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  • Melinda Murphy

Closed forever?

When Covid-19 cases started popping up in Colombia in mid-March, Bogota Mayor Claudia López realized her city had a head start on at least one response: car-free streets. 

For years, the city had been closing its main roads to cars on Sundays as part of a weekly program called la Ciclovía, a breath of fresh air in the crowded and chaotic capital. But as the virus bore down on the city, la Ciclovía took on a more urgent value. The World Health Organization had advised that walking and cycling were the safest means of travel during the coronavirus outbreak, so López and her fellow city officials decided to effectively scale up la Cicovía as an emergency pandemic mitigation measure.

Within days, Bogotá opened nearly 47 miles of new temporary bike routes, adding to 340 miles of paved protected paths, and converted almost 17 miles of automobile lanes to bike routes overnight.

It was an example of the coronavirus crisis leading to rapid changes that are transforming the way we think about using urban space. Suddenly cities are being forced to optimize how they use their finite square footage, with results that are offering a glimpse of exactly how much potential those spaces have.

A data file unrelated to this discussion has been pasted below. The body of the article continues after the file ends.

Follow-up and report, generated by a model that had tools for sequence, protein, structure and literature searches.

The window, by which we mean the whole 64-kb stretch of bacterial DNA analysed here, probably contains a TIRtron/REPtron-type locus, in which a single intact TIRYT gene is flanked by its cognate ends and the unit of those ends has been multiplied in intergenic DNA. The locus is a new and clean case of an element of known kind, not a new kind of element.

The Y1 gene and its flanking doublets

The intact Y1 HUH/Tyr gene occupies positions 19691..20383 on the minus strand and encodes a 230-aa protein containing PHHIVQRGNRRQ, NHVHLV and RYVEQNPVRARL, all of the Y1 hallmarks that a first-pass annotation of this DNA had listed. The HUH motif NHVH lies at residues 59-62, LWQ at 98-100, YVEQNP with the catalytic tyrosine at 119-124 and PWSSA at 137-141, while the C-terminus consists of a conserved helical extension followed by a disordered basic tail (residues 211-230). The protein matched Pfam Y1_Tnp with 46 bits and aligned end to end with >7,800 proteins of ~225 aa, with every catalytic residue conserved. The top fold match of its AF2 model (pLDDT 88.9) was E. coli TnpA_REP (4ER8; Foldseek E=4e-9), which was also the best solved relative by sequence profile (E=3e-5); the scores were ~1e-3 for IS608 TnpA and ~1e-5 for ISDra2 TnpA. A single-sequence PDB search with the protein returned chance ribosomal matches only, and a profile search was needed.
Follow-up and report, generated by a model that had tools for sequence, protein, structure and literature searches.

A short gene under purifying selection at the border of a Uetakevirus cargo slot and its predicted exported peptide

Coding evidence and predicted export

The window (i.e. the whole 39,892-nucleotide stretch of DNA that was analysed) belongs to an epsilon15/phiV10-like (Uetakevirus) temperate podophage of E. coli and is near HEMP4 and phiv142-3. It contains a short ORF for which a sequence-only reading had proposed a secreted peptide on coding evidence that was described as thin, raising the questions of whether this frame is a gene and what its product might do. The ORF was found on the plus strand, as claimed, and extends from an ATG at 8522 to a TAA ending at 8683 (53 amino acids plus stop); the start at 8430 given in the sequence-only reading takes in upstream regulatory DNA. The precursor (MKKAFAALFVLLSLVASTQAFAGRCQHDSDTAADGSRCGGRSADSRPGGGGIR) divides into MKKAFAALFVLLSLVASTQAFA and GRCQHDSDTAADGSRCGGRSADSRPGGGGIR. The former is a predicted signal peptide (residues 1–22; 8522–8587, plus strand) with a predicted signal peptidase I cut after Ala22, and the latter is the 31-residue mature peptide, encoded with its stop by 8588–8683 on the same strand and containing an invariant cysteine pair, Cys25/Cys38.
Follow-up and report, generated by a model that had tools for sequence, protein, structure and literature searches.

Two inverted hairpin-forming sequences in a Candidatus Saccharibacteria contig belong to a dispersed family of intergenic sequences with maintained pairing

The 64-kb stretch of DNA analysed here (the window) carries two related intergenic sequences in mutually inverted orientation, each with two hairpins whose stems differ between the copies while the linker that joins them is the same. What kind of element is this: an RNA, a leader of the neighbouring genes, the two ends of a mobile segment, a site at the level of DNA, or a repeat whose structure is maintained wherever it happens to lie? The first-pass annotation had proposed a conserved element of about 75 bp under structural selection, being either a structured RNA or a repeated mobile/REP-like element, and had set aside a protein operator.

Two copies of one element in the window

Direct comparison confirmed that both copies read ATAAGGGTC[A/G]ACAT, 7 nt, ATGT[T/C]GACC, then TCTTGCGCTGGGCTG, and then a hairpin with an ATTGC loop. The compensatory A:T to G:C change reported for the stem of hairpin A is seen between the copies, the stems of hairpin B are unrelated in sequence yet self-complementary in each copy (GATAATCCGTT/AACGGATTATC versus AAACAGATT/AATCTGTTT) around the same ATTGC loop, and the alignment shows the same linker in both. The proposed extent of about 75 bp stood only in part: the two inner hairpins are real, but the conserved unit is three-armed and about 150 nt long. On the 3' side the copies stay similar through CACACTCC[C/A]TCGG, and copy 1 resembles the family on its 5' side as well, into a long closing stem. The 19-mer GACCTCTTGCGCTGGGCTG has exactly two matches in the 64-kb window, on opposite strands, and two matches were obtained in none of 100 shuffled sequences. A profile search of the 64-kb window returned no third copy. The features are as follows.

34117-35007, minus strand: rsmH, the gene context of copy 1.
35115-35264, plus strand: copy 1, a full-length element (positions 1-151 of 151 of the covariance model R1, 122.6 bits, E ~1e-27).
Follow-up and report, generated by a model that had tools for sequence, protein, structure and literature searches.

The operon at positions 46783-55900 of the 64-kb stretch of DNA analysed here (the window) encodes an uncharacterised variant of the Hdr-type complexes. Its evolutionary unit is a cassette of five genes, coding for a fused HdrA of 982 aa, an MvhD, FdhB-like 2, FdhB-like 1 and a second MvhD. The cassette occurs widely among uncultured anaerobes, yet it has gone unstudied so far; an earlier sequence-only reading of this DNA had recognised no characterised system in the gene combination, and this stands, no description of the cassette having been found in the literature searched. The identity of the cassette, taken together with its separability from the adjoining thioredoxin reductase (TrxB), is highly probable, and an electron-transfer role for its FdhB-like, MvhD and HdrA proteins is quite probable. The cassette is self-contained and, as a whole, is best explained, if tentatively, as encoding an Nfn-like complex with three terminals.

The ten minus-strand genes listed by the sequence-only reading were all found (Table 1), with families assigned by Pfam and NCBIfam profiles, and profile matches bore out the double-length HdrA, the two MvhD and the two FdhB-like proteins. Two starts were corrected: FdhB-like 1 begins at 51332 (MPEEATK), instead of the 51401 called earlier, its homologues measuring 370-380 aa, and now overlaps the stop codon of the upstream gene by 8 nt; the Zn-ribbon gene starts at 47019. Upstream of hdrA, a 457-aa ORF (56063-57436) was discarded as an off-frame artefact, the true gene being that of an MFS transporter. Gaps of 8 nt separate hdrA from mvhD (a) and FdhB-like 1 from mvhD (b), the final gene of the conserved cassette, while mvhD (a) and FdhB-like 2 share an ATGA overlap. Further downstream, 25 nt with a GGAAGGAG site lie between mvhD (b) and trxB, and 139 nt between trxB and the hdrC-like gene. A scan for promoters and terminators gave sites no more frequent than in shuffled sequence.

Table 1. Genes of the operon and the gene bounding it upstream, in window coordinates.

Among the most visible of these changes — and the ones that may be most likely to become permanent — are the handovers of city streets from private vehicles to pedestrians and cyclists. In thousands of cities in towns, from Portland to Berlin, streets are being closed to vehicular traffic and reclaimed, in the name of public health, by two-wheeled and two-footed humans. The question is, once the health crisis subsides, will these changes remain in place? As London’s walking and cycling commissioner Will Norman put it last week: “We need to come out of this crisis in a radically different way.”

A new urban paradigm

In recent years, Paris has been on the cutting edge of the car-free streets movement, with a visionary mayor that has made pedestrianization of the city one of her calling cards.

As we speak, the city is creating 650 kilometers of pop-up “corona cycleways” for travel once the lockdown ends and converting one of its major central roads, the Rue di Rivoli, into a bicycle route. Mayor Anne Hidalgo has said that changes deemed successful will be made permanent, folded into the city’s ongoing mobility plan.

What’s more, France’s Minister of Ecological Transition announced that, going forward, every French citizen will be entitled to free bicycle repairs of up to 50 euros ($55 USD) from a network of 3,000 mechanics who will be reimbursed by the government. The $22 million plan will also fund permanent bike racks, cycling classes and support for cities to build more cycle lanes. 

“I am willing (and rather confident) to see these temporary measures become permanent because, pandemic or not, cycling is one of the cleanest and healthiest ways to move, especially in urban areas,” said Pierre Serne, president of cycling association Club des Villes et Territoires Cyclables, which is working with the French government to implement the plans.

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